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[REV 25-NOV-2014]

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Yank Tank: 1959

Yank Tank: 1959

In 1958 my father worked for Ford and our family was transferred from Windsor, Ontario, to Geelong and Melbourne, Australia, for five years. Ford Australia cars were mostly British models, such as Zephyrs and Consuls. The Falcon was introduced and it took direct aim at General Motors Holden products. There were a few "Yank Tanks" around, and the 1959 Fairlane 500 would have been in that category. This Kodachrome was taken by my father on what appears to be a tour of Ford dealers, as Coates Motors was located in Bairnsdale, 280 km east of Melbourne. There is a rain deflector on the driver's side window -- Victoria state law still required hand signals. View full size.

On Shorpy:
Today's Top 5


Rain deflector, but no outside mirror? The things we take for granted!

My grandad's 57 Chevy had maual turn signals - you had to turn them off by hand! Automatic turn signal canceling was an optional extra.

59 Ford

I have a pale blue 59 Ford that I have been driving for many years


My dad had one of these. Two tone pink of all colors.
We drove across country in it in 1960, the longest driving vacation of my life.

He PAID to have the air conditioning removed.
All I can think is insanity.


The car on the right, closest to camera GSF-777 is a 1957 Customline, the second one GYW-910 is a 1958 Customline. Most the Fords that made it out here were the Customline model and they proved very popular both as a daily drive and on the race track; a 56 model is still seen in the historic class. First car I owned was a 56 model, bought it for $300, used to squeeze 9 in it on a Saturday night; great fun.

Re: The world's most beautifully proportioned car

I'm quite sure the gold medal award from the Comité Français de l'Elegance, indeed given at the Brussels World Fair, was aimed at the '58 model.

For one thing, the Brussels World Fair lasted from april 17 till october 19 in 1958. Typically, the new Fords were introduced in early to mid October (in the USA), and up to January elsewhere. I'm sure they would not have shown a car that no one was supposed to see, and before its true introduction date.

And furthermore, I have an old Belgian newspaper from 1958, with an ad from Ford showing a '58 model along with a caption boasting the gold medal award from the fair.

[A quick Google shows that the 1959 Fords were similarly honored. - Dave]

1955 Meteor = 1958 Australian Ford

Trivia: At first I thought that tri-toned white/pink/pink model to the right was a 1955 Meteor--the Canadian equivalent of Ford, which had its own grille and trim. Turns out that the 1958 Ford was "facelifted" with (presumably) leftover 1955 Meteor grilles.

Taking a Grille-ing, 1959 Canadian Meteor

Must be the lighting that makes the 1959 Australian grille inserts look like they could be pot metal castings, rather than stamped aluminum.
The US example is clearly stamped aluminum.
The 1959 Australian grille insert matches it in that it has four vertical rows and 21 stars across the first row. Probably the same.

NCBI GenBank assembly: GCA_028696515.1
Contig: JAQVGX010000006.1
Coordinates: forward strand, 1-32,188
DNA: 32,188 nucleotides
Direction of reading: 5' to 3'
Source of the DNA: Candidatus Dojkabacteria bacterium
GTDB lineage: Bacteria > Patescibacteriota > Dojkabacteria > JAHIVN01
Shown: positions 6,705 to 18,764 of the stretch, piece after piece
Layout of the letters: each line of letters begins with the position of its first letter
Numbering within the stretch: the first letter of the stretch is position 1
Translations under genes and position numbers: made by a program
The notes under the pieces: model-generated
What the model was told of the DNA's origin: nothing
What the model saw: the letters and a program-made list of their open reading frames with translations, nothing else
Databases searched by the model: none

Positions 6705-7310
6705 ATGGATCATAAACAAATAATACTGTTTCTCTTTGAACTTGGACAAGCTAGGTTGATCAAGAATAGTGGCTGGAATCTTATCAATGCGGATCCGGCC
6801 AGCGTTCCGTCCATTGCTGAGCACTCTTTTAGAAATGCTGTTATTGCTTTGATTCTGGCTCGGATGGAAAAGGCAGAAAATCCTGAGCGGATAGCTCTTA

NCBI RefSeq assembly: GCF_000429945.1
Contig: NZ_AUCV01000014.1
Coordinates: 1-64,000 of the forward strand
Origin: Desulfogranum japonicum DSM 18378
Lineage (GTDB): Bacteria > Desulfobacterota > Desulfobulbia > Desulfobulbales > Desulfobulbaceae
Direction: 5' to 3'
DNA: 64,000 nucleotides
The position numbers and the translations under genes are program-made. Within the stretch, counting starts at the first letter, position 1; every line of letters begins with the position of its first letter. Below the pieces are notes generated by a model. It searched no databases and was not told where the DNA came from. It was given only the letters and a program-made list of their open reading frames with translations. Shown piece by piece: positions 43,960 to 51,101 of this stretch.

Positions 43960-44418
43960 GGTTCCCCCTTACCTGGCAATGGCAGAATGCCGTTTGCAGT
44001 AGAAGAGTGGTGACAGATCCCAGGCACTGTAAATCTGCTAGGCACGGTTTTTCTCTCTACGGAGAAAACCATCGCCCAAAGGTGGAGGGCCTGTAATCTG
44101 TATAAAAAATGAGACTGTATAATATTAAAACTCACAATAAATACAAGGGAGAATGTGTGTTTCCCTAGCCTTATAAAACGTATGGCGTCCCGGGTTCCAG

But we have one more fine Ford family member now, that has to be examined.
The 1960 and 1961 grilles come from the Canadian Meteor. (Not a huge stretch to understand how that happened since the parts to assemble the Australian Fords were shipped from Canada, to Australia, not from the USA).

Not the Edsel

The Ford Zephry as used in the seminal British police show 'Z Cars' 1962-1978 which incidentally has one of the best theme tunes in TV history.

Fords Down Under/Up Over

Here's what I've been able to glean from the net.

Time Machine, pleeeease?

Oh how I long to climb into a time machine and just go visit there, even for only one afternoon. The colors, the cars, those globe top gas pumps...

As for the difference between the US and Australian "tank Fairlane": In Australia, 1959 was a very long year.
In the United States there were entirely different bodies on 1960 and 1961 full sized Fords. In Australia that same body was made for all 3 years. There are 1960 and 1961 versions of that same car.
I know that the grille insert of the 1960 and 1961 versions has a different pattern than the four pointed stars of the 1959, but I can't tell if this grille insert is entirely the same as on the US car, from just this distant shot.

One probable difference in Australia

The rear turn indicators of some American cars of that period used to flash the red brake light. In Australia they added an amber flasher. I have seen in years gone by a number of truly awful added-on turn indicators on the underside of the tips of the gull wings of 1959 Chevrolets. Truly tragic.

The world's most beautifully proportioned car.

According to The New York Times obit section of July 3, 1993, it was Fred Gwynne (Herman Munster and Francis Muldoon, among other roles) who came up with the slogan "the world's most beautifully proportioned car," for the 1959 Ford. He was working for the J. Walter Thompson advertising agency at the time, as a copywriter on the Ford account.

The model did win an award for exceptional styling from the Comite Francais de l'Elegance (whatever that was) at the Brussels World's Fair, presumably in 1959. Alex Tremulis of Tucker fame was at Ford during the period the '59 was designed, and offered a different take: it was a worse mistake than the '58.

Am wondering if the right hand drive was the only thing that distinguished the car from its American counterpart.

SHORPY HISTORICAL PHOTO ARCHIVE | History in HD is a vintage photo archive featuring thousands of high-definition images from the 1850s to 1960s. (Available as fine-art prints from the Shorpy Archive.) The site is named after Shorpy Higginbotham, a teenage coal miner who lived 100 years ago.

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